Critical Path Analysis: Techniques for Project Scheduling

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Image of a maze depicting a projects critical path.

What's on your critical path? Important tasks? Sure. Really important tasks? Of course. But is that all there is to it?  After all, every project task is important in some sense.  Within any project, the critical path is more than just a series of important tasks - it's a means for scheduling and management that relies on connections and consequences as a basis for planning project tasks and timelines.

As a project management technique, critical path analysis provides value in four (4) key respects:

  1. The critical path analysis is a means to estimate overall project duration.
  2. The critical path analysis is a basis to create a logical sequence of project tasks.
  3. The critical path analysis is a means to track project progress and identify delays.
  4. The critical path analysis is a basis to identify potential "fast-tracking" possibilities.

Practical Steps for Critical Path Creation

Critical path tasks are not considered "critical" on the basis of value or visibility, but on the basis of dependencies, which determine the overall length of the project. Since critical path tasks are connected tasks, a delay in one, can lead to a delay in all. As such, once identified, the critical path shows you what how to get your project done on time. 

Read more:  Project Scheduling Strategies

Critical path analysis relies on a few simple assumptions, as listed below:

  • Assumption #1 - Projects are made up of tasks.
  • Assumption #2 - Tasks are combined to form a timeline.
  • Assumption #3 - Within this timeline, tasks are either concurrent (can occur simultaneously) or sequential (one task cannot begin until the predecessor [superior task] is complete).
  • Assumption #4 - Sequential, dependent tasks make up the critical path.

Finding Your "Critical Path"

Critical path analysis begins with a task list, identifying all the key tasks required to complete the project at hand. This task list can be broken down into the following seven (7) key elements:

  • Tasks: Specific work activities.
  • Predecessors: Tasks that must be completed before any subsequent, dependent task can begin.
  • Durations: Task time estimates (from start to completion).
  • Early Start Time: The earliest point in the schedule at which a task can begin.
  • Early Finish Time: The earliest point in the schedule at which a task can finish.
  • Latest Start Time: The latest point in the schedule at which a task can start without causing a delay.
  • Latest Finish Time: The latest point in the schedule at which a task can finish without causing a delay.

From a practical standpoint, critical path analysis is all about creating "breathing room", to identify the tasks that must start and end at a specific point in time, versus those tasks which offer scheduling flexibility. Any worthwhile project management software will calculate critical path for you based on the tasks, dates and dependencies entered, but the logic behind these calculations should not be a total mystery, for it is the human element that must respond to project issues and changes on a daily basis - in real time.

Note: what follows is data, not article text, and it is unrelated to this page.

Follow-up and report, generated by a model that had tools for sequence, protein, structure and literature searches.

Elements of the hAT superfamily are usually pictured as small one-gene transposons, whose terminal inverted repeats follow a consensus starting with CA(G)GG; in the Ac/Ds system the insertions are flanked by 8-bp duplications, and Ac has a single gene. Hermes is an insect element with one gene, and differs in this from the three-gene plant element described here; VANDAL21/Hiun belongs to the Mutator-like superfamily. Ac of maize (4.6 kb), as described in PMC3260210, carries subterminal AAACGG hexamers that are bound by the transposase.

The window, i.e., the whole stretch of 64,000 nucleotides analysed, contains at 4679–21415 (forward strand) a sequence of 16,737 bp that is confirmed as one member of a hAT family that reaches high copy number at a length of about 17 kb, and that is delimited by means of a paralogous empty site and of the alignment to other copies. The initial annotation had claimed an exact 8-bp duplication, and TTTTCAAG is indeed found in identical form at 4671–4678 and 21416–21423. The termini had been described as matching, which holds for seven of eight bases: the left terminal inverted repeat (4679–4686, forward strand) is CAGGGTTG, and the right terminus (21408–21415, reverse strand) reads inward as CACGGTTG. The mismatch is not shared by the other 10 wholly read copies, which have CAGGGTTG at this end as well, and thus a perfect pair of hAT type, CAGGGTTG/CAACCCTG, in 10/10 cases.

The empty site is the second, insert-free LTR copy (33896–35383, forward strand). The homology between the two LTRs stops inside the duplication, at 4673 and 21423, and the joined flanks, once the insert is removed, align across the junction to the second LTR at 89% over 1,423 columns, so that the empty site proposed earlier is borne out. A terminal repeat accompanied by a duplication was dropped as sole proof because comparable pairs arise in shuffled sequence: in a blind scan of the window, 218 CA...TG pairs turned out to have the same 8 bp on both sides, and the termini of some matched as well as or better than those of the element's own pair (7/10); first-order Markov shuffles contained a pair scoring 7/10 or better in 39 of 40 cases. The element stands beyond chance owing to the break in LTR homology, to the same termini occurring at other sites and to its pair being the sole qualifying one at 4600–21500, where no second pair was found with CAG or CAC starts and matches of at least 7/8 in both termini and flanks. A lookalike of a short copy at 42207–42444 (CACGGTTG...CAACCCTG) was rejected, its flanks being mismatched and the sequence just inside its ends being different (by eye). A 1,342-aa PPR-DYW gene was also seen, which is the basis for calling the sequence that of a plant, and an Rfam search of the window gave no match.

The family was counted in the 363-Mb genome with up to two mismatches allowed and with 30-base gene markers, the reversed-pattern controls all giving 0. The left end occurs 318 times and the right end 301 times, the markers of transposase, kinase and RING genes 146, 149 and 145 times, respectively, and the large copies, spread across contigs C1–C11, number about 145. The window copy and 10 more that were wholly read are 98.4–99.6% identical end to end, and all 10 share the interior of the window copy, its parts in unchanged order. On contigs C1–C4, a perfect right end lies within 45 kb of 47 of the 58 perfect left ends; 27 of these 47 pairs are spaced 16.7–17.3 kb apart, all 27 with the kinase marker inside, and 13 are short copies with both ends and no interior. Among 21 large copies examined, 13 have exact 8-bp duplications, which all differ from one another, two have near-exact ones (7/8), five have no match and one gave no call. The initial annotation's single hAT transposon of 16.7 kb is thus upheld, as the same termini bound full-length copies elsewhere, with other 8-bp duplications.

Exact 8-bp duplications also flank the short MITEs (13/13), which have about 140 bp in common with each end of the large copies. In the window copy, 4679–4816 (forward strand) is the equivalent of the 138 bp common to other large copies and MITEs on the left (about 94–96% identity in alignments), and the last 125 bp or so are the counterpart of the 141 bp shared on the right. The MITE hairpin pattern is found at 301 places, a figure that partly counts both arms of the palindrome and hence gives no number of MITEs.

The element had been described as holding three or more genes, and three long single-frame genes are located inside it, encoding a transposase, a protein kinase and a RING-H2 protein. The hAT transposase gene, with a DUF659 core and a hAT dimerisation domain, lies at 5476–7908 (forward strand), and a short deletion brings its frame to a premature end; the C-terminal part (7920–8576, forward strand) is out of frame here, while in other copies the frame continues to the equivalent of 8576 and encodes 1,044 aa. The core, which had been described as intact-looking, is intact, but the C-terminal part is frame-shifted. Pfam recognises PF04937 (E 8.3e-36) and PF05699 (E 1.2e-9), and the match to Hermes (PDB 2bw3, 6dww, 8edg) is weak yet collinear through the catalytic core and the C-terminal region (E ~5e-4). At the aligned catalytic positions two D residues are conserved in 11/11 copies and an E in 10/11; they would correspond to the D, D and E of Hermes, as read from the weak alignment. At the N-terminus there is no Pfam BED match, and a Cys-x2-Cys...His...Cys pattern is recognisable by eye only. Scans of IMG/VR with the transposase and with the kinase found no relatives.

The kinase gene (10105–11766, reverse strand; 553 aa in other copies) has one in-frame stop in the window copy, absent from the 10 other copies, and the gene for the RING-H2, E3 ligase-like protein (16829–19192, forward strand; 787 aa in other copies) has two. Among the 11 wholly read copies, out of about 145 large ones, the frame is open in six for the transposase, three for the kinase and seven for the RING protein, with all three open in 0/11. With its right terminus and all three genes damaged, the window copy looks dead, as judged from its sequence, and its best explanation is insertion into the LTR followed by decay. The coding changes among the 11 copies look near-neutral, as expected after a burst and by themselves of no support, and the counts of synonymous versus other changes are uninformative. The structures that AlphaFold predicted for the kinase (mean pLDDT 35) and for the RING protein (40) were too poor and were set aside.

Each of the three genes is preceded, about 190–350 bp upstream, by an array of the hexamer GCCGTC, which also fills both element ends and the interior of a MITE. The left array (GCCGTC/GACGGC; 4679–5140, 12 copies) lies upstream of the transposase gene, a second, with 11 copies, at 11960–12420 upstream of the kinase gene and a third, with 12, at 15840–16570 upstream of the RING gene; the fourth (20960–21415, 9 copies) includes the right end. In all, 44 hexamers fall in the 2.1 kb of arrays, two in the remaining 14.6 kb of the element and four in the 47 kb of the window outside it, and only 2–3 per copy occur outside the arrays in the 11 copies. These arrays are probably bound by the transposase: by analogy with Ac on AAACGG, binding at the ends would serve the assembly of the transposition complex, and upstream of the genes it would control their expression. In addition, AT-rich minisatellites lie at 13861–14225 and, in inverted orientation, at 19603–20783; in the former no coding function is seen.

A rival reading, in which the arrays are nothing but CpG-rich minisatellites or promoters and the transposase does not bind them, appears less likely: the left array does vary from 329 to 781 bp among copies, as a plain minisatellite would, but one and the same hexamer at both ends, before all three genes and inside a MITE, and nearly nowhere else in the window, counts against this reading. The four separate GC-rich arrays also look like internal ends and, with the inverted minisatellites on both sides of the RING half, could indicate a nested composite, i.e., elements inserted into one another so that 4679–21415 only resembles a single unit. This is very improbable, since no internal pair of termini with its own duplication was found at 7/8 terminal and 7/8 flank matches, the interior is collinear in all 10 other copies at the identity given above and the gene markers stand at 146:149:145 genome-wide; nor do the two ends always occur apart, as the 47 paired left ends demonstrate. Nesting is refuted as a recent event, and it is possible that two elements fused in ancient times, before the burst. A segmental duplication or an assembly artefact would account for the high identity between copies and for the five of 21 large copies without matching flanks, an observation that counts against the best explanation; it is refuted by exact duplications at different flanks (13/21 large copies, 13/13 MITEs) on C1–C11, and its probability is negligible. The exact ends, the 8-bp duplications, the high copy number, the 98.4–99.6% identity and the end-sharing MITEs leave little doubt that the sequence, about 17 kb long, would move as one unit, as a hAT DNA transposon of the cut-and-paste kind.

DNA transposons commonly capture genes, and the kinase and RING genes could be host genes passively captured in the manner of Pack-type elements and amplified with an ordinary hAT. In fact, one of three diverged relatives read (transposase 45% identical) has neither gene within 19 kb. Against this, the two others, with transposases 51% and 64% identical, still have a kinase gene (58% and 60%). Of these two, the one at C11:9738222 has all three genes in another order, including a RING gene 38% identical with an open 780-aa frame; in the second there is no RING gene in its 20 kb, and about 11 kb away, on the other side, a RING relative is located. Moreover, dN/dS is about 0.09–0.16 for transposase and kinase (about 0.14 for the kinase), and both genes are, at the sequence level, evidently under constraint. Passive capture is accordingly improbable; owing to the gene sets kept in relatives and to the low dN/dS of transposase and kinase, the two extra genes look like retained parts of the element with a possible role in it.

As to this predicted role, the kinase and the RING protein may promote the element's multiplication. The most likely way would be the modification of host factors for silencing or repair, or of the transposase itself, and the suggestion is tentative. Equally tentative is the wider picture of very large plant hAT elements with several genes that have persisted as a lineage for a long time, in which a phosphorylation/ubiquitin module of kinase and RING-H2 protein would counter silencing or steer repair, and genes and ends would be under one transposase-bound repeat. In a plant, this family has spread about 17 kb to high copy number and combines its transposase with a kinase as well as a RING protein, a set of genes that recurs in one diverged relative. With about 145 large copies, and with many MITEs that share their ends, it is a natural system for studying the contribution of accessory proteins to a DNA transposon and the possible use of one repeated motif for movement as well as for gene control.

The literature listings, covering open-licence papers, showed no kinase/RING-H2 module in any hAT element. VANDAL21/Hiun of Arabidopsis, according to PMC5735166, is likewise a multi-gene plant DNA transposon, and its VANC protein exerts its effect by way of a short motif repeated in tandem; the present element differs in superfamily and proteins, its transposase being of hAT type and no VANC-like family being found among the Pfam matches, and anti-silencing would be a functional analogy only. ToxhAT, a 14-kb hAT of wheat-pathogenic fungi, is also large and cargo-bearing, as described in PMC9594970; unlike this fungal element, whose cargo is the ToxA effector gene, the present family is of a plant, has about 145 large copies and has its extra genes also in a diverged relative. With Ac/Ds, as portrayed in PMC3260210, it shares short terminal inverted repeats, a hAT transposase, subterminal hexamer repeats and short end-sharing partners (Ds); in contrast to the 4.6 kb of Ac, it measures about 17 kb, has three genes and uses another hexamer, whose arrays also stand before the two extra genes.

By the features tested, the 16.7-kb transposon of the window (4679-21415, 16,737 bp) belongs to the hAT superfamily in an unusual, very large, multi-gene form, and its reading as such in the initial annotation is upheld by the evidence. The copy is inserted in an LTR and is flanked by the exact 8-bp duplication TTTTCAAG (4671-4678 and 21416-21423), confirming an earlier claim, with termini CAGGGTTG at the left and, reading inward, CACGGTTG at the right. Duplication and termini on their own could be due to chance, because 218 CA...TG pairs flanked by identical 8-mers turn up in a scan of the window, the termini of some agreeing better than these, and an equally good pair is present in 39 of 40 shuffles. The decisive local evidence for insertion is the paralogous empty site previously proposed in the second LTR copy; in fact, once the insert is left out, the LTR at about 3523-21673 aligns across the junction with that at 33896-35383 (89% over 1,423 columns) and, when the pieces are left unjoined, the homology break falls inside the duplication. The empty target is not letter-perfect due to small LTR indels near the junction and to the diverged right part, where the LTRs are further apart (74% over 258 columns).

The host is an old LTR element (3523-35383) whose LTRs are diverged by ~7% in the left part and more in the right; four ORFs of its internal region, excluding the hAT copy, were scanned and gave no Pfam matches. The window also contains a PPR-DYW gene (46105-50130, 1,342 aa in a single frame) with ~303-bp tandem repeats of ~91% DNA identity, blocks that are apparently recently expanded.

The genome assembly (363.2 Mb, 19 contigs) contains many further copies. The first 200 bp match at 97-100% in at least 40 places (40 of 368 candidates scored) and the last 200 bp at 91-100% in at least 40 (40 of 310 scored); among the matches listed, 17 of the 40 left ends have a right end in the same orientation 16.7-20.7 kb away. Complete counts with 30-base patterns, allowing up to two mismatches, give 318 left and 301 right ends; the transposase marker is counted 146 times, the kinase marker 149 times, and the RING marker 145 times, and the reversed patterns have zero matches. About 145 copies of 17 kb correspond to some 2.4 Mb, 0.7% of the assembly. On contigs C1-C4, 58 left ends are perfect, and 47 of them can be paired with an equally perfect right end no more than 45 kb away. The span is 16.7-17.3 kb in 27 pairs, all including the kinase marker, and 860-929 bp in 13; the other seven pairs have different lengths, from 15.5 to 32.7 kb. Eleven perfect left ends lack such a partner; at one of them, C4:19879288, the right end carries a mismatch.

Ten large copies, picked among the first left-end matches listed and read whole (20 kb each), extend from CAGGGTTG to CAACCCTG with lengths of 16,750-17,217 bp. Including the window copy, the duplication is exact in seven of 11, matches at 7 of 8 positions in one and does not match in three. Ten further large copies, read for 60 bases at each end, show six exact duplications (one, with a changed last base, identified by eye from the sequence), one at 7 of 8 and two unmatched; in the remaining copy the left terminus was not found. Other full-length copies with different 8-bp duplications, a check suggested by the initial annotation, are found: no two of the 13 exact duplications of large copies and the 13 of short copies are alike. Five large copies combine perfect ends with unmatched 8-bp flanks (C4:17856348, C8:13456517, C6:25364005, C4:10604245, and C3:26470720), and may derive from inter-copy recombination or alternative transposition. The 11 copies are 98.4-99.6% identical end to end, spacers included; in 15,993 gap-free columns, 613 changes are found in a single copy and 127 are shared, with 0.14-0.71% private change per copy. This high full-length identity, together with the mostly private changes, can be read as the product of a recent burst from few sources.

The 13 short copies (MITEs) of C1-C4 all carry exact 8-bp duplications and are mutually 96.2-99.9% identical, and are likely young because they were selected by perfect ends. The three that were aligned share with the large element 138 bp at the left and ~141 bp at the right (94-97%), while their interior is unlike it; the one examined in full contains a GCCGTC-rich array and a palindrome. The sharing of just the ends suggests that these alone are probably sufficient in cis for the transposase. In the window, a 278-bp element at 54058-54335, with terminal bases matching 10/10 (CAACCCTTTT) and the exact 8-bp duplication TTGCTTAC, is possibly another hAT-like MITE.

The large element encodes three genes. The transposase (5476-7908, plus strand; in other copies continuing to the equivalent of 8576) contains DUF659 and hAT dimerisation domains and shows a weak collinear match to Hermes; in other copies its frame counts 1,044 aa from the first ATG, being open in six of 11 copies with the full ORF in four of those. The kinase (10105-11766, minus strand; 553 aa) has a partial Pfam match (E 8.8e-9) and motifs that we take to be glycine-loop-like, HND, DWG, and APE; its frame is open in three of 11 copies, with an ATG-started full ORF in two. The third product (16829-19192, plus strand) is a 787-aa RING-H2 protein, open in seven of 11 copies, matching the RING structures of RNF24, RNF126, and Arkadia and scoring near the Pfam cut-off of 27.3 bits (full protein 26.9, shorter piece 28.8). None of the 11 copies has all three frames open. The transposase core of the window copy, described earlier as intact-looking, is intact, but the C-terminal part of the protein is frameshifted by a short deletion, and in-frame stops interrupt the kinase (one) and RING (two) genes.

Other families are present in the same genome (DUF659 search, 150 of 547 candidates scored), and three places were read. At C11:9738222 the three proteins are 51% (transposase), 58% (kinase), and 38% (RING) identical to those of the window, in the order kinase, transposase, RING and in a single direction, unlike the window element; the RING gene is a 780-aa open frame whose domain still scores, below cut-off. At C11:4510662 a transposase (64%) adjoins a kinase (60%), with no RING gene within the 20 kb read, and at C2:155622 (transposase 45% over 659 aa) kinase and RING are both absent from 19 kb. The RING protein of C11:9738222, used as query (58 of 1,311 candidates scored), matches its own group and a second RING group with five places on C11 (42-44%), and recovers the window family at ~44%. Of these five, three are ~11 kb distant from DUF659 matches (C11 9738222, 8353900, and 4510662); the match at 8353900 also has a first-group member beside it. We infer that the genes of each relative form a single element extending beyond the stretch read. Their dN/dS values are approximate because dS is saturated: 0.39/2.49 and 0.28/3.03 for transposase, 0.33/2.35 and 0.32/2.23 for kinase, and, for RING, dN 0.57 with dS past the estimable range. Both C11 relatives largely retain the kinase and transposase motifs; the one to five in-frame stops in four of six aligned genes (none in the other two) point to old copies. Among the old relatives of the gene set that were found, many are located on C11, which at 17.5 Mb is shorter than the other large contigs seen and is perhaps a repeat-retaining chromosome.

Read more:  Project Management Checkpoints and Fundamentals of the Work Breakdown Structure.

Critical path analysis looks for the earliest and latest points at which tasks can begin and end. The calculation of earliest start times (EST) and earliest finish time (EFT) is used to create the project schedule. The calculation of latest start times (LST) and latest finish times (LFT) is used for schedule management, delay resolution, and fast-track planning.


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Calculations: Early Starts and Finishes

EST of tasks with no predecessors = First logical starting point.

EST of tasks with predecessors = Predecessor EFT (Earliest Finish Time).

EFT of tasks with no predecessors = Estimated task duration.

EFT of tasks with predecessors = (Task EST + Estimated task duration).

On the other side of the coin, latest start (LST) and latest finished times (LFT) are backwards calculations, considering the earliest starting point of the first subsequent task, minus the expected duration of the task under calculation. To calculate LST and LFT, you will start with the latest finish time and work backwards to calculate the latest possible start time.

Calculations: Late Starts and Finishes

Step 1 - Finding the LFT (latest finish time):

Considering the estimated "earliest start time" of any subsequent dependencies, what is the latest finish time for this task?

Task LFT = EST of the first dependent task.(Example: LFT of Task 1 = EST of Task 3)

Step 2 - Finding the LST (latest start time):

Considering the identified "latest finish time", what is the latest starting time for this task?

Task LST = (LFT – Task duration).

Example: LST of Task 1 = (Task 1 LFT - Task 1 Duration).


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